Tesla has recently filed a trademark for producing electric motors on many transportation modes, including airplanes and boats.
This trademark was largely ignored, and was filed last week, and was reportedly a not for land-car category, according to Electrek.
The definition of this category is somewhat unambiguous. Nevertheless, it does extend the company’s trademark on electric motors to automobile, boat and motor motors for toys.
The trademark, as filed with the United States Patent and Trademark Office, reads the following:
TESLA trademark registration is intended to cover the categories of asynchronous motors not for land vehicles; Autos for airplanes; Motors, not to be used by land vehicles; Permanent magnet motors; Boat motors; Drive-systems with two or more synchronized motors coupled to a unit drive; Electric motors for toys; Linear motors.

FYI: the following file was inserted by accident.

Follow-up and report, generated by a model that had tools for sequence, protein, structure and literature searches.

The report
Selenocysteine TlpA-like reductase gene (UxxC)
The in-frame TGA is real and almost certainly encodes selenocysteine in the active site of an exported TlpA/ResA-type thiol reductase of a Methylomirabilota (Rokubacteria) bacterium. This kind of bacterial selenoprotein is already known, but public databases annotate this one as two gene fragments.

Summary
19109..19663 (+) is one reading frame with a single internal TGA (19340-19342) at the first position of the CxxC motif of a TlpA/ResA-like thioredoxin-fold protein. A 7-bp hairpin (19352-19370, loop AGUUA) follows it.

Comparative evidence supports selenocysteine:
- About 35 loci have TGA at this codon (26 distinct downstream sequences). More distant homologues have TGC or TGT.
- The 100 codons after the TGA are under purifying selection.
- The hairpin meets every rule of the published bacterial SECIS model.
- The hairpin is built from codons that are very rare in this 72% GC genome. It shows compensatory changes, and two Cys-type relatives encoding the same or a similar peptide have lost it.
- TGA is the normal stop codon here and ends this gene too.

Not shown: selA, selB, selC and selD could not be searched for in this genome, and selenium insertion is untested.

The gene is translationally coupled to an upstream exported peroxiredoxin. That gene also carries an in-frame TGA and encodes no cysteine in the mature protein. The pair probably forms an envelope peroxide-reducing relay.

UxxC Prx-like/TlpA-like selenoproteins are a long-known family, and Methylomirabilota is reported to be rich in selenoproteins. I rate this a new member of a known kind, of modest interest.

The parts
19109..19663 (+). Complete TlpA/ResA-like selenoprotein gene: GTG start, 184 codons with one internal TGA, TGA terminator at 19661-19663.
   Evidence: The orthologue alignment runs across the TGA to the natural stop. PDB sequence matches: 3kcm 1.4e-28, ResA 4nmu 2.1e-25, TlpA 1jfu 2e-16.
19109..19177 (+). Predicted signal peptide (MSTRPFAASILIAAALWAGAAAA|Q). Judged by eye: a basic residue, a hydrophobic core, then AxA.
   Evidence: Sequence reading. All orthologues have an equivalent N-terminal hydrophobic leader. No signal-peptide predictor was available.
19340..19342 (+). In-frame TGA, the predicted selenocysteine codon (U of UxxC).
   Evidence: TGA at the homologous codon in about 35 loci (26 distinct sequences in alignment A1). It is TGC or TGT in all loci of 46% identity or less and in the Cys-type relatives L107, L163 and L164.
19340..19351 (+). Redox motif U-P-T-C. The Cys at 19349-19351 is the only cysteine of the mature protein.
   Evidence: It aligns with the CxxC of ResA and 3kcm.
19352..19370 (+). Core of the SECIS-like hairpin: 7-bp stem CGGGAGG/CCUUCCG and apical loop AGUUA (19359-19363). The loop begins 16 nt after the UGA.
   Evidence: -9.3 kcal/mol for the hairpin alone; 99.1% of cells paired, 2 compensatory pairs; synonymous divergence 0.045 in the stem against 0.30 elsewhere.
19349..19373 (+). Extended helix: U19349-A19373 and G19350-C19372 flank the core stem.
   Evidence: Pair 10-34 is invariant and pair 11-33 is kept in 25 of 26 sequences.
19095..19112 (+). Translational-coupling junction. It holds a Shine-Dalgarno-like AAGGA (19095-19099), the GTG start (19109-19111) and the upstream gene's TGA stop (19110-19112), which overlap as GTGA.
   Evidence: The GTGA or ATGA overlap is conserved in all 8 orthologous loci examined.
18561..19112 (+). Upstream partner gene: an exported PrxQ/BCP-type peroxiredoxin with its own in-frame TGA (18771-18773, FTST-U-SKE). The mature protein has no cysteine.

Yes, but it’s not limited on range. The battery size will grow from 50 to 60.
Elon Musk (@elonmusk) June 29, 2019
In the past, Musk said that once manufacturers can improve battery energy density, planes and other vehicles that are non-land may also be able to operate off their battery. They are still a little snobbish. This was back in 2019. Four years later, the trademark filing means not just Tesla is able to develop electric planes, but it is going to take a step on the right.
It’s worth noting that completely electric boats exist already, and the majority of the batteries are still working.
It could also be that Tesla filed its trademark to future-proof its plans, and that it doesn’t intend to do any development on motors for airplanes, boats, or electric motors for toys for the moment.